And so I focused on gathering wood, given its abundance, knowing it would allow Kevin to quickly upgrade his walls to wood planks, rather than twigs. I also grabbed stone and other random items wherever I could, anything to help him in his Rust experience. Kevin eventually caught up and joined me in the gathering process. After a while, I had accumulated a decent amount of resources, so I gave him the stacks of wood I had gathered, along with other items, and suggested he work on his base, while also saying I’d head out again to gather more while he did that. He thanked me, and threw me a pair of wood armor pants, to give some form of protection against attacks and the elements. Up until that point, I was a naked man with a spear tied to his back – now, I at least had some form of clothing. I thanked him and returned on my quest for resources.

For a while, all was well. I continued gathering resources for him, getting a good mix of wood and other miscellaneous items, until I spotted something in the distance. There was a stream to my left, heading into the distance ahead of me, and at a certain point it lead to a large rock formation, where the water seemed to disappear underneath. Above this rock formation, I could see another Rust player, looking my way. I froze, trying to determine if he was aggressive. My doubts were clarified by a multitude of bullets being fired my way. In response, I immediately turned and ran, in a zig-zag formation. In the distance, I could see an area with the remains of civilized life, concrete walls, as well as other obstacles I could potentially use to protect myself from an attacker. As I ran to this area, I realized that I had not crafted a sleeping bag yet – meaning if I died, I would respawn somewhere random in the world, and would have difficulty finding Kevin again. To solve this, I frantically started crafting a sleeping bag as I ran.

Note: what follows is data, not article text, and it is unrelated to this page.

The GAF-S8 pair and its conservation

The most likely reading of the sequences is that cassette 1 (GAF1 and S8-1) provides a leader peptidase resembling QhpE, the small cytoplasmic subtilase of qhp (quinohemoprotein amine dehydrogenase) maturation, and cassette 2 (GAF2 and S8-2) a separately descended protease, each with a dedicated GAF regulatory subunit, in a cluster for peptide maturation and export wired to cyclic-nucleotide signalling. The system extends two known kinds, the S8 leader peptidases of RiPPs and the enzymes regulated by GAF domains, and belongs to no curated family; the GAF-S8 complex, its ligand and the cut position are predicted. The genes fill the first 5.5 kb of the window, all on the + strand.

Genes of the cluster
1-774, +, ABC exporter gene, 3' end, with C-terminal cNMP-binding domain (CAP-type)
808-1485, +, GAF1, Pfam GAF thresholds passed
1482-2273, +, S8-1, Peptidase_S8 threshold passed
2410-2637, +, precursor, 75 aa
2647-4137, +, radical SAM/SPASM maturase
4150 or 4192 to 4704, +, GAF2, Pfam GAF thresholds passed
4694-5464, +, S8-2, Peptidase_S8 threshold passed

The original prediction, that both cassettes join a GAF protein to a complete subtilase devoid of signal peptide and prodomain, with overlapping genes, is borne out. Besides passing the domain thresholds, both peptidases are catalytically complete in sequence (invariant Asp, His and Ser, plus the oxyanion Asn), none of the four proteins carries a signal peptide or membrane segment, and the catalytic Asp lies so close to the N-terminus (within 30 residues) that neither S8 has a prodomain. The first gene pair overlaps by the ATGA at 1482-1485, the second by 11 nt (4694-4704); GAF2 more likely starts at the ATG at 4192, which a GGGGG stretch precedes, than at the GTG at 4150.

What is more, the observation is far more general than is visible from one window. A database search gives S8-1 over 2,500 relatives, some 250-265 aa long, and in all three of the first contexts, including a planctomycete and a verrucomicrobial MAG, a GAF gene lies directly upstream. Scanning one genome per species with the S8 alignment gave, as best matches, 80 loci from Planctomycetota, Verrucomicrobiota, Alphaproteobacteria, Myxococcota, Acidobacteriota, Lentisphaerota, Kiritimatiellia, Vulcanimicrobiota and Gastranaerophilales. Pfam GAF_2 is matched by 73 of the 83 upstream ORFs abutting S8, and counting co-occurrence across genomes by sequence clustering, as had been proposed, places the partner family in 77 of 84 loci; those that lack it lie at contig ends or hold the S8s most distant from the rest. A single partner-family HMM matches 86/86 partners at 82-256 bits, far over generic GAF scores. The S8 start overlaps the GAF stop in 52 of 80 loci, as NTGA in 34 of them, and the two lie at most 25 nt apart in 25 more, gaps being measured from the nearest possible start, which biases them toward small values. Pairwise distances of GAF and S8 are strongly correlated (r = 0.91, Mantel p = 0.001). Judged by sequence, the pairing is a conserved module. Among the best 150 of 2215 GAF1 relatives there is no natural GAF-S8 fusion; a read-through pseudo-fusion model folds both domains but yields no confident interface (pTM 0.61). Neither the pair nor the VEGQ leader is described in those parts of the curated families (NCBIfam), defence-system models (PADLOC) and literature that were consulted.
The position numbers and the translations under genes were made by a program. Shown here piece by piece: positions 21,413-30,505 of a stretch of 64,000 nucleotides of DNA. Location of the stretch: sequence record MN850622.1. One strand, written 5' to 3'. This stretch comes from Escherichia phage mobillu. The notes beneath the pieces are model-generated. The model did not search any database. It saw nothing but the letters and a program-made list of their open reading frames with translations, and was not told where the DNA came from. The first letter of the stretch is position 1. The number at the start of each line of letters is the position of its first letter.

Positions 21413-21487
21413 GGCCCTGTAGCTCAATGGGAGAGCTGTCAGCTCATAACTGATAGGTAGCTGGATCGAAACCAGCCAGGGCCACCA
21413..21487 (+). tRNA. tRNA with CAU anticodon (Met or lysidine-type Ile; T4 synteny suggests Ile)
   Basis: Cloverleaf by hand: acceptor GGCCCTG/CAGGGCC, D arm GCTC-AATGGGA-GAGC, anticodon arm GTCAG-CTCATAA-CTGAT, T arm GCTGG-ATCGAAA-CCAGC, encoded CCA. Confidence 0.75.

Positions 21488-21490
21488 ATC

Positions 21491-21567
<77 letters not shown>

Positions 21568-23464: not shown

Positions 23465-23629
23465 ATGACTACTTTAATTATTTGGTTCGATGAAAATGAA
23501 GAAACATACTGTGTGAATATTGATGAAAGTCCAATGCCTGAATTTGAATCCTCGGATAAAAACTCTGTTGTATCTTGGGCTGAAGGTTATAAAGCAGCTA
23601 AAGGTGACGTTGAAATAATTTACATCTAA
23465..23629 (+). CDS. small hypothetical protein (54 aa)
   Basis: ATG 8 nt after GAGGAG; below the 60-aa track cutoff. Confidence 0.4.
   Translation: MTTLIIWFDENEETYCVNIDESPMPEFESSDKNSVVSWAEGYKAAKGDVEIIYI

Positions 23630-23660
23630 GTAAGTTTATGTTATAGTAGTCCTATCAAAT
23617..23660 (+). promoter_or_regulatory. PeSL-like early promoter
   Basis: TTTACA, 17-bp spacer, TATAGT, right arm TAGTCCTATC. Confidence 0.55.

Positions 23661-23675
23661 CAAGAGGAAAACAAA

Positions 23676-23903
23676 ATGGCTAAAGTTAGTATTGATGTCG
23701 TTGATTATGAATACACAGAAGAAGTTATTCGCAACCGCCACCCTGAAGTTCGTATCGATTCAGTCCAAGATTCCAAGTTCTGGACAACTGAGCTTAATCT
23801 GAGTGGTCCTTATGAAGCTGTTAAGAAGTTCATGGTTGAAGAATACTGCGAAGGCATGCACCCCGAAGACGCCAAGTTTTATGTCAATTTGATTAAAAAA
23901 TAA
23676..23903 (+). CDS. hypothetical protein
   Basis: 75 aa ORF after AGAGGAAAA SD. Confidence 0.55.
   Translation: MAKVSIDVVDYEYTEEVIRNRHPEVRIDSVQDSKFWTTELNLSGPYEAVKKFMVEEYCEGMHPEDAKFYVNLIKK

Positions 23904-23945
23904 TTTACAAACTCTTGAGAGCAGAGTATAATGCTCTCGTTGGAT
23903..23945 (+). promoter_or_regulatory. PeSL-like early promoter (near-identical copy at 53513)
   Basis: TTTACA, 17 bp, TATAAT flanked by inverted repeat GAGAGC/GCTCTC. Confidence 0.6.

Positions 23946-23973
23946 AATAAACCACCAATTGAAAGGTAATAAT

Photo by Facepunch

When I finally reached the concrete wall, I slipped behind it and waited for a moment, silent, to see if my attacker was still giving chase. After a few seconds, I noticed him running right past the wall, not noticing where I had hidden. He was wearing armor made of broken road signs, a form of improvised protection, and in his hand, he held an AK-47, the rifle that had attacked me moments earlier. Though I was glad I wasn’t noticed, I realized he was running in the direction of Kevin’s home, which concerned me; however, I knew the first step was to get myself to safety, so I could place a sleeping bag down. So I waited a moment, and then bolted in the opposite direction, where my attacker had come from.

To my surprise, I ran directly into another player wearing improvised street sign armor, holding a handgun. In a panic, I stabbed him in the face with my spear. It then occurred to me that this person might not be hostile like the other, so I attempted to recover from my instant attack reflex by extending a peaceful message via voice chat. I said “actually, I’m a friendly – ” and then was shot in the face immediately, making me fall onto my back, still alive, but injured. In Rust, when you fall like this, people can take stuff out of your inventory, and they can either help you back up afterwards, leave you to bleed out, or just eliminate you. I waited a couple seconds as they looted my body, and said “can you please help me up after you loot all my stuff?” I was still hoping I could place a sleeping bag down, somehow, or that I could still return to Kevin – if he was still alive, he would surely need my help. I feared for his twig house, his trusting, friendly disposition, and what would happen when it came face with the harsh brutality of Rust. Alas, the player looted my body did not help me up… he left me to bleed out. I died without a sleeping bag on the ground, and the game let me know that I had been alive for about 20 minutes. When I respawned, I was someplace else entirely… so I logged out of Rust, and left to do my final exam. I could have technically gotten in contact with Kevin via Steam’s recent players list, but given my exam and how unique the story was, I felt it was best to leave it as is, respecting the realism and harshness of the Rust world.